Therapeutic Touch healing tradition to transfer healing energies
Faith healing in Judaism, Christianity and Islam, te-ate in ancient Japan, pranic healing in India, shamanistic rituals in tribal societies across the globe, the royal touch in medieval Europe; all hold as their central belief that special physical contact between two human beings can effectively cure disease, heal wounds, and remove infirmities.
Therapeutic Touch is similar to the "laying on of hands" practiced by some religious sects as a means of transferring healing energy to the believer. The idea of an energy field can be traced back to the eighteenth century work of Franz Anton Mesmer, a German doctor who believed that illness was caused by imbalances in the body's magnetic forces. He believed he could restore magnetic balance through the use of soothing words and quieting gestures, a technique he called Mesmerism.
These beliefs receded to mystical obscurity in Western culture during the Industrial Revolution and the following Scientific Revolution, during which the current drug and surgery based paradigm of Western medical science was firmly established. This paradigm ruled until the New Age movements and resurgence of alternative therapies regained popularity.
Delores Krieger, RN, PhD, and Dora Kunz, a natural healer, developed Therapeutic Touch (TT) in the early 1970s. TT is an adaptation of several religious and secular healing traditions and is commonly used in nursing practice for many different conditions.
TT practitioners hold their hands a short distance from the patient without actually making physical contact. The purpose of this technique is to detect the patient's energy field, allowing the TT practitioner to correct any perceived imbalances.
Nurse Healers Professional Associates, Inc. is the primary training organization for Therapeutic Touch and teaches a standardized technique.
TT treatment consists of steps: centering (calming the mind and focusing attention on the patient), assessing the patient's energy field for irregularities, intervention to facilitate symmetrical flow of energy through the field, and evaluation/closure to verify the effects and conclude the treatment.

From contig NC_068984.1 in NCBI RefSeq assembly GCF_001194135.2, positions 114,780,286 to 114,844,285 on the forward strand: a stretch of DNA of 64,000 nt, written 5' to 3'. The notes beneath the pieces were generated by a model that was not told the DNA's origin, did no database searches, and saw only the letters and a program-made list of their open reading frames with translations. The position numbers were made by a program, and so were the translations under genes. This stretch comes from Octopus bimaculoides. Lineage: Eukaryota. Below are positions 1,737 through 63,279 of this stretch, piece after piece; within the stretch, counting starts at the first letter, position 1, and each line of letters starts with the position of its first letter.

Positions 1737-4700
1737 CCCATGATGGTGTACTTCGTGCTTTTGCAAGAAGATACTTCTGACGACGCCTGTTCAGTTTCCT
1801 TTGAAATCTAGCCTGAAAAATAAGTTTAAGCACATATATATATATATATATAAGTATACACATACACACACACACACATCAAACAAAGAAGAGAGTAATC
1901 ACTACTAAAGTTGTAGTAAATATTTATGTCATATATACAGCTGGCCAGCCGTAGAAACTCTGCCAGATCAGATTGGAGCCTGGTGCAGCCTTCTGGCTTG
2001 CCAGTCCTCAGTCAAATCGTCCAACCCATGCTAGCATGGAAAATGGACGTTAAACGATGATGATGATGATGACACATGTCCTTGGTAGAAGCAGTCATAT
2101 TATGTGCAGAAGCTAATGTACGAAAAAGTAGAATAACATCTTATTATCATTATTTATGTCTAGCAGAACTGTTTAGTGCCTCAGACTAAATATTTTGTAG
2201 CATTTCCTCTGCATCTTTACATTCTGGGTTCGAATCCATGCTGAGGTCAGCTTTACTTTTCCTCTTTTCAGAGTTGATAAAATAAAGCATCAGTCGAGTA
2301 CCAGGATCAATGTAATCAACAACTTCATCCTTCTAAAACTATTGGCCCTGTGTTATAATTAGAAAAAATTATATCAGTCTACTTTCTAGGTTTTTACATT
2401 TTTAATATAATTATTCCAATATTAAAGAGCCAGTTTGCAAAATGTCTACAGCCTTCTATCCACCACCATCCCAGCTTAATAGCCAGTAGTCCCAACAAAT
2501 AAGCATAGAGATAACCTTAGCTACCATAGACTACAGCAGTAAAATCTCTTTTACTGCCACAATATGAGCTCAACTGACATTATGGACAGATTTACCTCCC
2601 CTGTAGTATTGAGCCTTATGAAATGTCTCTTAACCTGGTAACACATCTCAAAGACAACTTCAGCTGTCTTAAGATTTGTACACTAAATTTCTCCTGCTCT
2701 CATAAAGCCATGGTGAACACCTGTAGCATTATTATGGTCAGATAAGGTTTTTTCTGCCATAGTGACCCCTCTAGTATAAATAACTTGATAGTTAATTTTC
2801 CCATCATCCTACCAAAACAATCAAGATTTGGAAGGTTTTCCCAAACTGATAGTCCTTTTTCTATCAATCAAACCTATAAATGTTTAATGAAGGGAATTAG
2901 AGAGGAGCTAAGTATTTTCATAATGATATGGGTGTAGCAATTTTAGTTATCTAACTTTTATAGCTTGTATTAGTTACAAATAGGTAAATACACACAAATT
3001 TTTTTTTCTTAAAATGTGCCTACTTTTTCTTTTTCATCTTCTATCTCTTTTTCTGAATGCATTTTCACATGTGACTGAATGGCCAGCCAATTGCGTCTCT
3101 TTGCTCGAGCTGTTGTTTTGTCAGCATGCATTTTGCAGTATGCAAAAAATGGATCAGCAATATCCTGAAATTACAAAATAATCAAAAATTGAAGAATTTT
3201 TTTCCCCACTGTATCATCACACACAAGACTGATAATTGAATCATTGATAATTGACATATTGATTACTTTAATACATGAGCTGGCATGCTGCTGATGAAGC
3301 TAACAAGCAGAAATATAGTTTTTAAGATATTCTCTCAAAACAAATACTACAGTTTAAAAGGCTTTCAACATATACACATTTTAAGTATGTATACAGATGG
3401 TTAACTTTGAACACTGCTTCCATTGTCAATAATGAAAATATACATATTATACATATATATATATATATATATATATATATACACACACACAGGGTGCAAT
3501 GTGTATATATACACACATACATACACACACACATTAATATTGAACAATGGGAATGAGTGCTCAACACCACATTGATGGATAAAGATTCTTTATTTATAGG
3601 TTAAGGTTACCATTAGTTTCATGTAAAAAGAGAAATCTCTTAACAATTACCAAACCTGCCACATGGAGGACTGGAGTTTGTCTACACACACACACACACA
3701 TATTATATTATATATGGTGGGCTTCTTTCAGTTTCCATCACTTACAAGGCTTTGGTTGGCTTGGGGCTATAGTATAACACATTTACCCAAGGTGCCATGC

The clothed patient is normally lying down, but may also be sitting or standing. There are four steps involved in a TT session, which takes between 10and 30 minutes to complete.
1. Centering, sometimes referred to as the yoga of the mind, is the first and clearly the most important step. To prepare to do Therapeutic Touch the healer must enter an intuitive state of awareness where she (or he) is relaxed and quiet. The practice of various meditation techniques (for example, the repetition of a mantra) can help a person learn to center.
2. Assessment comes next. The healer places her hands two to four inches above the patient, palms down and open, and then slowly hand-scans the patient’s entire body from head to toe, intuitively searching for any imbalances in the person’s energy field. Areas of pain and accumulated tension or inflammation are believed to be perceived in the hands as various sensations such as tingling, unusual pressure or pulsation, and heat or coldness. These sensations are thought to reflect blocked or accumulated energy.
3. Unruffling is the third step. The hands now become more active and the healer may engage in circular sweeping motions designed to "decongest" the patient’s energy, distributing any excess energy to areas of low flow and sometimes removing it altogether by sweeping it down and out through the feet. The healer will usually shake her hands vigorously to rid herself of any excess energy she may have accumulated.
4. Modulation comes next and involves transferring subtle healing energy from the healer to the patient or redirecting the patient’s own energy. The healer’s hands often
hover over certain parts of the body previously assessed as imbalanced.
Treatment sessions usually last from five to thirty minutes. Currently there is a lack of formal certification or competency-based assessment for this therapy.